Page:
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“My Husband is in Early Sobriety. How Do I Cope with His Ups and Downs?”

BALM | January 2, 2015

“My Husband is in Early Sobriety. How Do I Cope with His Ups and Downs?”

I was recently asked this question by one of our readers.

During the early days, even up to a year, a tremendous amount of energy goes into simply staying sober. But that is not all.

Relating to someone in early sobriety is like getting to know a new person. One important thing to remember is that not only are YOU getting to know a new person, but so is the person him or herself!

As the person’s brain heals, they will be thinking differently than they have thought in a very long time. And, many of the ways they view things may be unfamiliar, even to them!

Of course, this can have its positive aspects, but it can also involve a roller coaster of unexpected feelings without the usual ways to medicate them.

Two things can really help the family member get through this time:

1. a strong focus on one’s own recovery. Building your own healthy lifestyle separate from theirs will be crucial. While it will be very tempting to hover, to wonder if they are getting it together, to want to help them in any way you can, the fact of the matter is that you are MOST helpful when you learn new ways to be, speak, and behave, too. When family members learn how to BALM® (Be A Loving Mirror) in their own and their loved one’s lives, they can build a serene and enjoyable life for themselves, even amid their loved one’s ups and downs.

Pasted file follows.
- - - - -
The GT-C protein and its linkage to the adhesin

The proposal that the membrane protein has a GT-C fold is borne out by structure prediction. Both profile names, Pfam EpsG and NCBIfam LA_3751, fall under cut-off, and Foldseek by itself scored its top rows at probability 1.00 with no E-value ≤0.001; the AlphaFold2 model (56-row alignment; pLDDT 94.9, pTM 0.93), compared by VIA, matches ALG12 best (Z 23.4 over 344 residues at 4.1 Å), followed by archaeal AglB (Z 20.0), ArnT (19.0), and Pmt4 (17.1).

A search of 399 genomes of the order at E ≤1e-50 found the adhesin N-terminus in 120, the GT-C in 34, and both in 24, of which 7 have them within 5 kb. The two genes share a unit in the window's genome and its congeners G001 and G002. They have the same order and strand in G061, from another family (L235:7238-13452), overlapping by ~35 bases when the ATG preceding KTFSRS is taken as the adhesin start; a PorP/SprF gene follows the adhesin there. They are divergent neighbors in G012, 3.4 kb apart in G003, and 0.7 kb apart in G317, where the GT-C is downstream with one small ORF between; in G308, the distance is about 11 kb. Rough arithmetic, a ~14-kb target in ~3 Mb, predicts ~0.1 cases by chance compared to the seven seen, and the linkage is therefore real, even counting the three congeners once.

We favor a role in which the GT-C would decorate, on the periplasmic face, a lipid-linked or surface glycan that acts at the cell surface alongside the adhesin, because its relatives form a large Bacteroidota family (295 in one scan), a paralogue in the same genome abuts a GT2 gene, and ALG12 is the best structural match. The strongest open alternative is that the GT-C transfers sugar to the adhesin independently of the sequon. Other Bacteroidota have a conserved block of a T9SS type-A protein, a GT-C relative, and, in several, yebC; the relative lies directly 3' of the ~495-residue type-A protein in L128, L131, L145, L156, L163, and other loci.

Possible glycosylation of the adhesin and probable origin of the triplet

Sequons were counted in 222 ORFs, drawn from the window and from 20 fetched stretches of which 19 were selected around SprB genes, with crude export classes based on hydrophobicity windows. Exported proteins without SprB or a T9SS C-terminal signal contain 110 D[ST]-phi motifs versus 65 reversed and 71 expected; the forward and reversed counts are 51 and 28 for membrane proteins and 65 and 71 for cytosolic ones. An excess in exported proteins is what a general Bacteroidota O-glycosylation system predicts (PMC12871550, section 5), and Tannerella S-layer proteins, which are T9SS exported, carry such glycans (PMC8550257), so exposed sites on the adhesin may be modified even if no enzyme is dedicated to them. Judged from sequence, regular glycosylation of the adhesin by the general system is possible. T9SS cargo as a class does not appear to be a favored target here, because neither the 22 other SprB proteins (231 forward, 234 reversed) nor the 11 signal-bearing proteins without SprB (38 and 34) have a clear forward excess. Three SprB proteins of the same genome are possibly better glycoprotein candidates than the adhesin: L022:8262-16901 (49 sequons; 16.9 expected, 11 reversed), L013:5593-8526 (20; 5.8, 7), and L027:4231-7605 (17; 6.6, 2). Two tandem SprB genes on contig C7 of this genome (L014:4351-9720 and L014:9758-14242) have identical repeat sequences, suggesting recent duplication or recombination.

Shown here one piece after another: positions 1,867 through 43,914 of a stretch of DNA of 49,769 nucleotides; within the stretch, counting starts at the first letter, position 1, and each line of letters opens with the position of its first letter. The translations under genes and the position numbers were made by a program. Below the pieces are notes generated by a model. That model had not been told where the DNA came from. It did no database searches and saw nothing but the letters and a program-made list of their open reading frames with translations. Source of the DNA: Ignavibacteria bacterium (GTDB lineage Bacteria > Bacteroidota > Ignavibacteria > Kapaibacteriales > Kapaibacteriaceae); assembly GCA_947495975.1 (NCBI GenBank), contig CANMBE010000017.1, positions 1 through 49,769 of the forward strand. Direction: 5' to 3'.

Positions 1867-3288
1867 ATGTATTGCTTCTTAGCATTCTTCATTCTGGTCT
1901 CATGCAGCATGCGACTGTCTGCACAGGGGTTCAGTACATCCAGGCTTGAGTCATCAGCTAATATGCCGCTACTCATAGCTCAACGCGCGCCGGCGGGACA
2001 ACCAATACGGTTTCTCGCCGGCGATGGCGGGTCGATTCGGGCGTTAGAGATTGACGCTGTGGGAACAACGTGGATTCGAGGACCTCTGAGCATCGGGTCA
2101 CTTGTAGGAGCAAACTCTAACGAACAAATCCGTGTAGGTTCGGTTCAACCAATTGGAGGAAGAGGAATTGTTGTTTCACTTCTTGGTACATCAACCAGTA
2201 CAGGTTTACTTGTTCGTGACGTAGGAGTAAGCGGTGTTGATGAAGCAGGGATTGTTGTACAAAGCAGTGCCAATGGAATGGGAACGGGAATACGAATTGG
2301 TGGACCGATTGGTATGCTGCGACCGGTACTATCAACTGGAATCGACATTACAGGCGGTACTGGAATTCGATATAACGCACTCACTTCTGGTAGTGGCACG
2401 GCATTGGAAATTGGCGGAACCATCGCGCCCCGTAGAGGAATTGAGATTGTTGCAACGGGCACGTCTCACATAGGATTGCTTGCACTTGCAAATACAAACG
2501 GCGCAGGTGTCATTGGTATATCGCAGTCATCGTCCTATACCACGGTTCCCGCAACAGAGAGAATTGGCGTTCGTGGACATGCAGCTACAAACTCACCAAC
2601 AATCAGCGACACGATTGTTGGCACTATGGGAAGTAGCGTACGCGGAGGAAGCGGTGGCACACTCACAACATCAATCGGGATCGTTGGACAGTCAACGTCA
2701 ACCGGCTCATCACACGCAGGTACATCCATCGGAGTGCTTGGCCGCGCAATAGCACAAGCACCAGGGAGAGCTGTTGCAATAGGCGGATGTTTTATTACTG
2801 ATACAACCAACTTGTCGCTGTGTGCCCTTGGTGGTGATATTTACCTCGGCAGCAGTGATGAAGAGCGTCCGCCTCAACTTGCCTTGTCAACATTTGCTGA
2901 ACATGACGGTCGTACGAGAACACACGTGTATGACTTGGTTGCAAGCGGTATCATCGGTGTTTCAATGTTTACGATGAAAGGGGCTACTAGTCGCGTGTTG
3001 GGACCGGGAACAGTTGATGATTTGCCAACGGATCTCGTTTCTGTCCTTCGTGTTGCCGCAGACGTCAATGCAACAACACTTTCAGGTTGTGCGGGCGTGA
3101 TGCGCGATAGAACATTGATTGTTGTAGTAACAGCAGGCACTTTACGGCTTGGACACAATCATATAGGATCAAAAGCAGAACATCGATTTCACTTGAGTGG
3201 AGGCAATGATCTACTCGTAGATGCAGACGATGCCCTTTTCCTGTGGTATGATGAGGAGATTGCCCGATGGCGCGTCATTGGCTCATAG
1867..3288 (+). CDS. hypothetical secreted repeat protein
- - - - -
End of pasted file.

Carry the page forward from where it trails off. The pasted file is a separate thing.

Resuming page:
2. learn how to Be A Loving Mirror. This process of becoming calm inside, observing and documenting your loved one’s difficult behaviors, dealing with your own emotions fully, scripting and then having BALM® conversations with them,  when necessary, setting a boundary, can have a powerful impact on your own recovery AND theirs. First of all, it allows you to be aware of what is going on with them without becoming confused or overwhelmed with fear. Then, each time you plan for and share a loving conversation with them that tells them the facts of their behaviors, you get to, in essence, vent – only not in a toxic way. Finally, you give them the chance to hear a non-judgmental view of what they are up to.

As you will read in other blogs and BALM® materials, we say that Denial is the Lynchpin of the Addictive System. BALM® pulls you out of denial. When you get out and stay out of denial, you are able to lovingly share the facts with your loved one. The loving approach goes under the radar of their denial and as a result, begins to break it down.

It is much easier for an addict to stay in denial when those around them comply to some extent.

Your job, as a loving family member or friend, is to stay completely OUT of denial so you can be the person advocating for recovery without nagging, pleading, or begging.

You practice BALM® and your are naturally that advocate.

What a great way to start the year!